Few prizes for lack of originality at The Futureheads

Live Review

Written By Michael Wood Thursday, April 29th, 2010

The Postelles, Dutch Uncles and The Futureheads at The Cockpit, Leeds

As Sunderland pop-punk foursome The Futureheads finish a sterling and energetic set with a double of the (in)famous cover of Hounds Of Love and a song called Jupiter which they call their Bohemian Rhapsody one is left with the feeling that music seldom rewards the unoriginal.

Two hours previously New Yorkers The Postelles had entertained The Cockpit with a fairly faithful rendition of The Ramones's Beat On The Brat and while it was - as was the rest of the set - entertaining it was hardly innovative.

Indeed seldom does one see a band so obviously wearing its influence so obviously. The Postelles charm is that they mix the New York punky sound of a Blondie or Ramones with the pop sensibilities of The Beach Boys but that charm seems set to be their limitation too. It is fine for a band to be the entertaining sum of its parts, but sometimes you should not show the working out of that sum.

One wonders how this will hamper the accent of The Postelles. Many worse bands earn a living and many bands do what they do less well, but they break no new ground and music seldom rewards the lack of originality that comes with doing something well that has been done before.

Case in point at Dutch Uncles who take the second support slot and labour through an unengaged set. Perhaps tonight is a bad night for them - they seem to lack a spark - but perhaps they too are a little too obvious, a little too an answer the sum of which is too easily calculated: Dutch Uncles equals Devo plus Talking Heads over Franz Ferdinand.

Franz Ferdinand were a peer of The Futureheads when the bands broke and the two have had divergent careers with Franz Ferdinand consider more innovative, ergo better.

The Sunderland lads carve a niche out playing a kind of fast paced pop which no one will ever claim is a new discovery but when the spring from Decent Days & Nights to The Beginning of The Twist they do so with a passion and an élan.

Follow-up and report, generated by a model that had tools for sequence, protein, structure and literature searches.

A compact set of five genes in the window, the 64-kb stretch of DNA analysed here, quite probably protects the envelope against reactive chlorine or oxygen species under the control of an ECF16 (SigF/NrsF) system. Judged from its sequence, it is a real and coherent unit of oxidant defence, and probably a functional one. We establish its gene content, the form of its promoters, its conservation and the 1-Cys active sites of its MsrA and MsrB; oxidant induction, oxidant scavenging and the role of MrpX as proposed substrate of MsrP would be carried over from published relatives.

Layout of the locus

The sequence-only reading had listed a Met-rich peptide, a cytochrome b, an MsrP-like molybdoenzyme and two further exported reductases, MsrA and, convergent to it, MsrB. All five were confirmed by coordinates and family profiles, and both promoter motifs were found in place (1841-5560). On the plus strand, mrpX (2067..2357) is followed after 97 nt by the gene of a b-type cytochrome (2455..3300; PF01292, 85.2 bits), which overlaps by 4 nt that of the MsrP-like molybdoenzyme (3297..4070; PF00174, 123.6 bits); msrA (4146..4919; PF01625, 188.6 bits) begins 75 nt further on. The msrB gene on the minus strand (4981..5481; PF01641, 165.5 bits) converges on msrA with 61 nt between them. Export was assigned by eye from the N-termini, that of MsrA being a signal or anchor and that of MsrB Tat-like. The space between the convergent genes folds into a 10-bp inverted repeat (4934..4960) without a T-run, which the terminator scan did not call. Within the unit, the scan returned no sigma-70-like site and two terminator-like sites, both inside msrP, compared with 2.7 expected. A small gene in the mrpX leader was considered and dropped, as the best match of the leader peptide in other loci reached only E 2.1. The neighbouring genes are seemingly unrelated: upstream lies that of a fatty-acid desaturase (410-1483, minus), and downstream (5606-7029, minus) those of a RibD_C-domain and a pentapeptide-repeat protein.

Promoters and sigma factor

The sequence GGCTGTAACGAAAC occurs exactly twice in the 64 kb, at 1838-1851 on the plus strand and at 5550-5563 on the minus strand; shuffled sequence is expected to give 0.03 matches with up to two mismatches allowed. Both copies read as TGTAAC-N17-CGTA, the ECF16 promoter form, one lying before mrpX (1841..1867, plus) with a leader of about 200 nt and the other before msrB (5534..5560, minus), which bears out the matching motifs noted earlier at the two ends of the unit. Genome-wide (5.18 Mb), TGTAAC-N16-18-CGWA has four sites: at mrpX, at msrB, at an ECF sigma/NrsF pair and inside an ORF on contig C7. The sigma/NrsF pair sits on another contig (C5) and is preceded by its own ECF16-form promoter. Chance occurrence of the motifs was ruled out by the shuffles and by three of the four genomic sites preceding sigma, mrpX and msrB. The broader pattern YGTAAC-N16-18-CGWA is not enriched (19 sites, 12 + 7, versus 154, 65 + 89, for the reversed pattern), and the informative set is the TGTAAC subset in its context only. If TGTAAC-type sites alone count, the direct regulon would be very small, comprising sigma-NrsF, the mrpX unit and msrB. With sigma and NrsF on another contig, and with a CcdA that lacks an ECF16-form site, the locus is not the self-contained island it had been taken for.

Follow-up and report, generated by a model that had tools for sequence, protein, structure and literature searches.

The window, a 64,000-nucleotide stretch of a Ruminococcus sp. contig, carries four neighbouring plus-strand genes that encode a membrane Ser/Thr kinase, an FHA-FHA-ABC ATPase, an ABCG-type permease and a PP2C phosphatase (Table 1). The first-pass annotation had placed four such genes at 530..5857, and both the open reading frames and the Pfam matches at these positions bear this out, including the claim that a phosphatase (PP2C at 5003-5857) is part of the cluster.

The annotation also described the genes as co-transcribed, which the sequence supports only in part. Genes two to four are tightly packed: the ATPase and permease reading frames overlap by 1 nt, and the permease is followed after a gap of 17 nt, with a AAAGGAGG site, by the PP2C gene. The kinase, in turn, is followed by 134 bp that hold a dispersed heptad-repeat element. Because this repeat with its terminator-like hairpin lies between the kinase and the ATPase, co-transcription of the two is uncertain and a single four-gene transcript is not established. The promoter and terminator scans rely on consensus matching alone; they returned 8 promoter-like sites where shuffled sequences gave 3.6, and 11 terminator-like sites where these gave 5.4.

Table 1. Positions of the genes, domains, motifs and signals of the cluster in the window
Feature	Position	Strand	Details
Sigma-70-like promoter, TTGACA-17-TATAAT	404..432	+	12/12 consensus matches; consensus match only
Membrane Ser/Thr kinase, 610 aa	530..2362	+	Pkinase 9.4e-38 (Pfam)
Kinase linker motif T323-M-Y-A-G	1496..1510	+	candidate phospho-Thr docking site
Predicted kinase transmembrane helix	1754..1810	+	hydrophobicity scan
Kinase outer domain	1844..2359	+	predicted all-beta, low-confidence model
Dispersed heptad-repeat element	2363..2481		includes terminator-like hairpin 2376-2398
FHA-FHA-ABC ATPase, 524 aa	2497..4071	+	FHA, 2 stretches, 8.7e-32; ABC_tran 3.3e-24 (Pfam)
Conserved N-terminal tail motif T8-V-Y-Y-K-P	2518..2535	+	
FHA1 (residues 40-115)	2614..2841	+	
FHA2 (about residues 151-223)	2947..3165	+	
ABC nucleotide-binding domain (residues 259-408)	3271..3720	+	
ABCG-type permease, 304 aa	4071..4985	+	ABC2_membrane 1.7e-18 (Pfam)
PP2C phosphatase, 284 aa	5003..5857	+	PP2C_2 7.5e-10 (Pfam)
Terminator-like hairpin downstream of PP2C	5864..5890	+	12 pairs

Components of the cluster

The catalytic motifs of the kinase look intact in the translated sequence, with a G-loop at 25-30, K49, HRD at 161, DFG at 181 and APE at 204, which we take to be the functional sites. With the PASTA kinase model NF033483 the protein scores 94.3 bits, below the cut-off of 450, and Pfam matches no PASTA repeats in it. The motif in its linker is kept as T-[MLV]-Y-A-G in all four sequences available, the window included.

Yet it is for the cover version of Kate Bush's Hounds Of Love - the song that guitarist and leader Ross probably heard through floorboards as his mum washed up to it - that the band get most regard and the best reaction.

The roar of approval is noticeable and slightly saddening. The take on the song is everything that the rest of the set is not. It is innovative, it is a fresh take on things, but it seems a novelty and to laud a cover in the face of a band who are treading an albeit well worn path with such vigour and no little smarts underestimates what The Futureheads can do.

Alas music seldom rewards anything other than innovation and often ignores repeated quality.

Written By Michael Wood Thursday, April 29th, 2010

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One Response to “Few prizes for lack of originality at The Futureheads”

  1. Ian at Early Bath Says:

    Know what you mean about The Futureheads. I’ve wondered how they must feel about being best known for a cover.

    I was once at a Ballboy gig when a fan shouted for them to play “Born In The USA” – their only cover over 5 albums. Singer Gordon looked mightily pissed off and politely suggested maybe he should have gone to a Bruce Springsteen gig instead.

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